The first book is the reason I'd picked it up though. This is the tale of a child born during the Islamic revolution in Iran, and growing up with relatively liberal parents where the country round them is getting more restrictive (and getting bombed by Iraq).
I don't know nearly as much modern history as I'd like, so recommendations for engaging first person narratives would be welcome.
I'm still not reading LJ thoroughly, but I've seen a couple of different takes
on the amazon macmillan
dust up over ebook pricing last weekend.
I thought I'd describe my current ( book buying habitsCollapse )
But what does that imply for ebooks?
Looking at it, most of the top end books, I get tend to be partially just because I want them now, but also because I want an author's signature or to add to a collection. So hardback novels are artefacts as much as story devilry vehicles, I'm unlikely to buy an ebook instead.
The middle ground's potentially interesting. I still feel the lack of artefact means I wouldn't want to pay as much for an ebook as a paperback, but I'd probably be willing to replace most of this purchasing habit with ebooks, if I wind up with a decent reader.
Ebooks are unlikely to replace the cheap's section as there's no second hand market for them. And I enjoy interacting with the aforementioned to-be-read piles to select something to read. Anyway, that's hardly the top end of the market they're trying to capture. Although I can imagine there's lots of free content on the net these days. It's how I've first read most of Cory Doctorow's stuff (of which I know own paper editions).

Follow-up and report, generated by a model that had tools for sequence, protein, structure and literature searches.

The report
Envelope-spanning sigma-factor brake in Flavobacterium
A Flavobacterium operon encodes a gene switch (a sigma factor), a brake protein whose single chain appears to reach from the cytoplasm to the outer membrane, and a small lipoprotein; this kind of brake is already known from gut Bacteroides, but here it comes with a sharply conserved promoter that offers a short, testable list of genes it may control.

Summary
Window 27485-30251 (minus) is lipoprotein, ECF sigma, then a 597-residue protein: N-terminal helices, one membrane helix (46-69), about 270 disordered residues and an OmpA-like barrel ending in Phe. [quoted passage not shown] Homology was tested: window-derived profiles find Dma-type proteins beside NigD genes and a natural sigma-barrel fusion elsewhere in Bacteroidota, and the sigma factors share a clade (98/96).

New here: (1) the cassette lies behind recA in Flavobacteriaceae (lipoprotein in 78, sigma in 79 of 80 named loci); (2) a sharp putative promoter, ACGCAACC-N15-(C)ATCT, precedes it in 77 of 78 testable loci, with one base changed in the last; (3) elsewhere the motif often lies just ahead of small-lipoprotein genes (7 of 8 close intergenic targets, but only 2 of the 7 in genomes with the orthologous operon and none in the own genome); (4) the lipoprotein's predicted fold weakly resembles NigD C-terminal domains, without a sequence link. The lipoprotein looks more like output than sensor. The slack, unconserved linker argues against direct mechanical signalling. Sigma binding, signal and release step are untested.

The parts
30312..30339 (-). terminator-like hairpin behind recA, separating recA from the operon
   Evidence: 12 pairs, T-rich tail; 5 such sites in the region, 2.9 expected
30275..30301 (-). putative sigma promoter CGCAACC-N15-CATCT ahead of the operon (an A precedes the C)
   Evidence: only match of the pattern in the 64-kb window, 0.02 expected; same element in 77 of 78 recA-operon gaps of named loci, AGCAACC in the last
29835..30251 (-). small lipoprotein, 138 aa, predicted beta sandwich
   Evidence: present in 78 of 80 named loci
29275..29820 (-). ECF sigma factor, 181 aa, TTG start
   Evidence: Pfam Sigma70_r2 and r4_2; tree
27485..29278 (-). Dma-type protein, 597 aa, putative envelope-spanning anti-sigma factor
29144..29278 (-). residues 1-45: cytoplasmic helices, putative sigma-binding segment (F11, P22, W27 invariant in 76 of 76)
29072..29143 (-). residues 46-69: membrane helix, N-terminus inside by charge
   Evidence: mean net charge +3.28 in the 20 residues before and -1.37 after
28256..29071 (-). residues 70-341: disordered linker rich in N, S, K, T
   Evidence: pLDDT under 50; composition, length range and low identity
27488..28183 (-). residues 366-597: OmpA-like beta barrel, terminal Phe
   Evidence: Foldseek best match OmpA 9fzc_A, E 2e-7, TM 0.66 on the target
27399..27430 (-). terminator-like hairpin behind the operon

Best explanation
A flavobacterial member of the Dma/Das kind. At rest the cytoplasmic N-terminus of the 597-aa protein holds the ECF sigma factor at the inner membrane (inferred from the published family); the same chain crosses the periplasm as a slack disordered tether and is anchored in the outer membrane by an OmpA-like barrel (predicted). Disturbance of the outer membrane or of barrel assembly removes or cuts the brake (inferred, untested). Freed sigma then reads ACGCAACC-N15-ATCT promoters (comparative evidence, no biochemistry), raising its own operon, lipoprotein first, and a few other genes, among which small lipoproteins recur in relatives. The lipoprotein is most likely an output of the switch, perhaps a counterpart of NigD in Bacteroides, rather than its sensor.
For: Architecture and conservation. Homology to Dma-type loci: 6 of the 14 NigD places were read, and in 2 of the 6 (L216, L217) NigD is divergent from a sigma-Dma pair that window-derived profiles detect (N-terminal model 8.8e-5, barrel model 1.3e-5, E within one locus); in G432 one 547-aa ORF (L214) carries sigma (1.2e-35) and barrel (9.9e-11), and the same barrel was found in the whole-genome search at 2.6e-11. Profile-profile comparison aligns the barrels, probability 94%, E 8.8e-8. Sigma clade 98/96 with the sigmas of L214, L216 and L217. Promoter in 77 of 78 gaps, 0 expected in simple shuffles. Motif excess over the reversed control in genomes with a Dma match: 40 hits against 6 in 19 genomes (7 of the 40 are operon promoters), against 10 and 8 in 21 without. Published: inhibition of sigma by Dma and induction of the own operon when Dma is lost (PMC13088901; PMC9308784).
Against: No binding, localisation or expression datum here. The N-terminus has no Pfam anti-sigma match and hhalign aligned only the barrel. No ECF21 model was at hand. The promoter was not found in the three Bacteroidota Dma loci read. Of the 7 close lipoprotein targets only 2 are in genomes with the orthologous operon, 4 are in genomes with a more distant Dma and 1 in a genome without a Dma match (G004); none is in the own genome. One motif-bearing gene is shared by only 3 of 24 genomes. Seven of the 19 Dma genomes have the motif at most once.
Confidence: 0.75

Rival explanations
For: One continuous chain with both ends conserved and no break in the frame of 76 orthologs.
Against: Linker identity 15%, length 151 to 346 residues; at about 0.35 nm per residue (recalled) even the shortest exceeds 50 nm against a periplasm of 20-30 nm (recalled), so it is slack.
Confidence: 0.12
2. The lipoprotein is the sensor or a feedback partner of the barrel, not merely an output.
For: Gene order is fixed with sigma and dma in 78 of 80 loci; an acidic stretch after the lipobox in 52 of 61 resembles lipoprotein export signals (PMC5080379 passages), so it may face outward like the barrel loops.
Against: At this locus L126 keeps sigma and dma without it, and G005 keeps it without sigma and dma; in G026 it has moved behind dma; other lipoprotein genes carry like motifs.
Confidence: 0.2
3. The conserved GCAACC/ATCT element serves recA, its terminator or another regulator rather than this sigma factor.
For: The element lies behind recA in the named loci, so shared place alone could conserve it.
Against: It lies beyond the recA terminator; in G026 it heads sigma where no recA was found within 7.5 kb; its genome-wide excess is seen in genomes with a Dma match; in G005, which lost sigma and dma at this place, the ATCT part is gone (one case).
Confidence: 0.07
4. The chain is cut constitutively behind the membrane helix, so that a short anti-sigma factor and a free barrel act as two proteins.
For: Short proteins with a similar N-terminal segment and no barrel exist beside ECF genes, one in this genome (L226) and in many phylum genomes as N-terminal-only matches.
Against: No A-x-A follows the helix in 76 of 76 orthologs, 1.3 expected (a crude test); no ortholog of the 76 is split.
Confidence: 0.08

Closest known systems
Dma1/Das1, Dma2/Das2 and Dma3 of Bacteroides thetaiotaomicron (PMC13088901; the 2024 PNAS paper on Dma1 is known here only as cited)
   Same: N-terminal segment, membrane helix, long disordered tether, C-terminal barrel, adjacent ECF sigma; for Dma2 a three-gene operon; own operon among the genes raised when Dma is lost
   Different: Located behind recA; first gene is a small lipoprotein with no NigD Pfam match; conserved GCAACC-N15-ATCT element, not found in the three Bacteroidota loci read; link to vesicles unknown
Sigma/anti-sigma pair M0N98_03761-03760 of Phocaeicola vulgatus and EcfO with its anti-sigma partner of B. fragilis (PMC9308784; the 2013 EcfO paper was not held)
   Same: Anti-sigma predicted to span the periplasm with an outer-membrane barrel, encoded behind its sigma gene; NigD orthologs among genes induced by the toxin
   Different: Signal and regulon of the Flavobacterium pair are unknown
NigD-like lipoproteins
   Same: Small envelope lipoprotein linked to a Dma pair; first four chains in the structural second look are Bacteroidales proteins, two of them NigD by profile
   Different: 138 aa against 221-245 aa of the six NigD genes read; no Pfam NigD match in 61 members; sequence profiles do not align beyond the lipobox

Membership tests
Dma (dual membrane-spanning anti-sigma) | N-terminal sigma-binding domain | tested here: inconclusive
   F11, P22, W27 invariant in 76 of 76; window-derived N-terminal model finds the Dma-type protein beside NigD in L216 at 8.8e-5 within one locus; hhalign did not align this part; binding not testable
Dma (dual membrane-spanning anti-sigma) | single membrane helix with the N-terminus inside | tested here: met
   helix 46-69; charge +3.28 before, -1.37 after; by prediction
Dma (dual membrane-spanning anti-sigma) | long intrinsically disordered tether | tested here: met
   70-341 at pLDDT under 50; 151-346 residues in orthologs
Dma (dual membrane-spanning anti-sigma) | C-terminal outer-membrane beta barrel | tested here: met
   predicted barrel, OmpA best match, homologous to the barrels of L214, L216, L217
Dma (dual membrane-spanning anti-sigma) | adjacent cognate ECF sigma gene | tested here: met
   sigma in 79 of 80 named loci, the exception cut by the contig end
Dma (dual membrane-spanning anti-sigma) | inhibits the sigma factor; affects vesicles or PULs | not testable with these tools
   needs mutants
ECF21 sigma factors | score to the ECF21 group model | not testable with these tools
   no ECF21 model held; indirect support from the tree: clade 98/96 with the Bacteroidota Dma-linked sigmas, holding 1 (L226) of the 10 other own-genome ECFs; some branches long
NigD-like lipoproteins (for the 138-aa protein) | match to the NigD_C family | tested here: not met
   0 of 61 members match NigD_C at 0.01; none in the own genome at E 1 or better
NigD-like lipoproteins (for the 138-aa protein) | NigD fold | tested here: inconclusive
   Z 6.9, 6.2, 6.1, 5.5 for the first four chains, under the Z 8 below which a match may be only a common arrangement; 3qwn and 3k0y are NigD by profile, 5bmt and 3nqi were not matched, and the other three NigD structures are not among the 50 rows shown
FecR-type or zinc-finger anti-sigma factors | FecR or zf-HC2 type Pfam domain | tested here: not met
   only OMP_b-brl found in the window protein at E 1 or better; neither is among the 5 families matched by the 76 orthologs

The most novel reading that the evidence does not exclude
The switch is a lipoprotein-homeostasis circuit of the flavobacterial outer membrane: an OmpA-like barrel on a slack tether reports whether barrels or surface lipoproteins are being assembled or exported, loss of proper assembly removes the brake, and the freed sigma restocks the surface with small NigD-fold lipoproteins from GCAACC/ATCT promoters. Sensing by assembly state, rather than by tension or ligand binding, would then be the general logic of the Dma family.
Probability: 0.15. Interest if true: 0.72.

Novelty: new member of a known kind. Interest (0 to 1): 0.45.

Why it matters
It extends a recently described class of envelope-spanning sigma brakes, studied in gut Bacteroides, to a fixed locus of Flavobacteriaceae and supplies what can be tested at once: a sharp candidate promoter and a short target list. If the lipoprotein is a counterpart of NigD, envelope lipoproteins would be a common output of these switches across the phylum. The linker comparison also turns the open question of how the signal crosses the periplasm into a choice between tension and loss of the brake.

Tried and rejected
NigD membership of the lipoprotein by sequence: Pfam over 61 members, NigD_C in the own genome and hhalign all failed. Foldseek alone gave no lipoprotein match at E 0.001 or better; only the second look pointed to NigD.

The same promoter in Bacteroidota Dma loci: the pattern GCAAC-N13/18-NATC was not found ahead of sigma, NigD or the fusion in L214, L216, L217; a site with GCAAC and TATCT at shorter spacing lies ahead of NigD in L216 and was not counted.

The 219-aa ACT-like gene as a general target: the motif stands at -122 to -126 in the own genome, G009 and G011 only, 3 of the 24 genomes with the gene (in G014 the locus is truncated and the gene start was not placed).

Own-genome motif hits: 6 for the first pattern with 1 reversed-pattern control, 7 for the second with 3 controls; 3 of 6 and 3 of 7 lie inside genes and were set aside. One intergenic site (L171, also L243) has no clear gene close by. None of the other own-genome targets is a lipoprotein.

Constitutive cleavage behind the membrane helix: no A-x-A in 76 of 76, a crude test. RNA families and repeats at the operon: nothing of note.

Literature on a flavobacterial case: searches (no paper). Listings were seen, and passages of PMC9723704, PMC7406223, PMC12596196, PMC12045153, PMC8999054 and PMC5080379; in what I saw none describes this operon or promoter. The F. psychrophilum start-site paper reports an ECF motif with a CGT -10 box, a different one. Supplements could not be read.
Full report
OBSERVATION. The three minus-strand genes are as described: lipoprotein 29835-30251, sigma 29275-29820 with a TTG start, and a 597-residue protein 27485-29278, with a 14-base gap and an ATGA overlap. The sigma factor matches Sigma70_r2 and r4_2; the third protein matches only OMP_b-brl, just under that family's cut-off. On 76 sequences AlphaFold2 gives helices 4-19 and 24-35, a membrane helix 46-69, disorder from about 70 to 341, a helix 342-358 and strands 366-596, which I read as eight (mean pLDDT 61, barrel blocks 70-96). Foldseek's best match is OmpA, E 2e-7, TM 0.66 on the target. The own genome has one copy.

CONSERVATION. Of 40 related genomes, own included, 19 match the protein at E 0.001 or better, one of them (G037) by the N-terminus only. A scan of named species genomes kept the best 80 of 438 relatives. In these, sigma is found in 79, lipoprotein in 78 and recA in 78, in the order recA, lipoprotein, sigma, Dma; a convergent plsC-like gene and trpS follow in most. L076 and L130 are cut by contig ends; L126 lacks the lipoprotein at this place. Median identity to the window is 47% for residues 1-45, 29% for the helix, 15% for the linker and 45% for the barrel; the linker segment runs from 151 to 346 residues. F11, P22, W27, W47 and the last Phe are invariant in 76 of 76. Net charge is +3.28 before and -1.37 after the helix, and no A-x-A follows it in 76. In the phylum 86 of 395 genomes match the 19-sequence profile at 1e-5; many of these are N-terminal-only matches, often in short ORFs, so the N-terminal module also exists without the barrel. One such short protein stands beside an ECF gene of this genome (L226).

Or something like escape pod. Yeah, I can see how they'd be great for short stories magazines. I know donation driven short story sites exist online, but I'm not too keen on reading them for some reason. Actually, subscribing to something like Interzone or Analog that way would be pretty neat.
As an aside, I've noticed for a while that I've not seen the shutters up at the Finsbury Park Comic shop. I'd assumed that I'd just not been past it before 6.30, when it shuts, but getting a glimpse through the open door last week, it looks like all the shelves have gone. And so has their website. It's a pity.
The owner said the Marvel/DC price hike hit at the same time as the relative devaluation of the pound. Combined with people cutting costs because of the credit crunch, he lost a fair few customers last year. Well, he lost me but that's not why. I stopped going because every single time I went in there, they hadn't put aside all of my standing order, and I had to rummage through their back issues, to see if I recognised one I was missing. They specialised in superhero comics with alternative covers anyway, so it was rare that I'd find a new serial I was interested in anyway.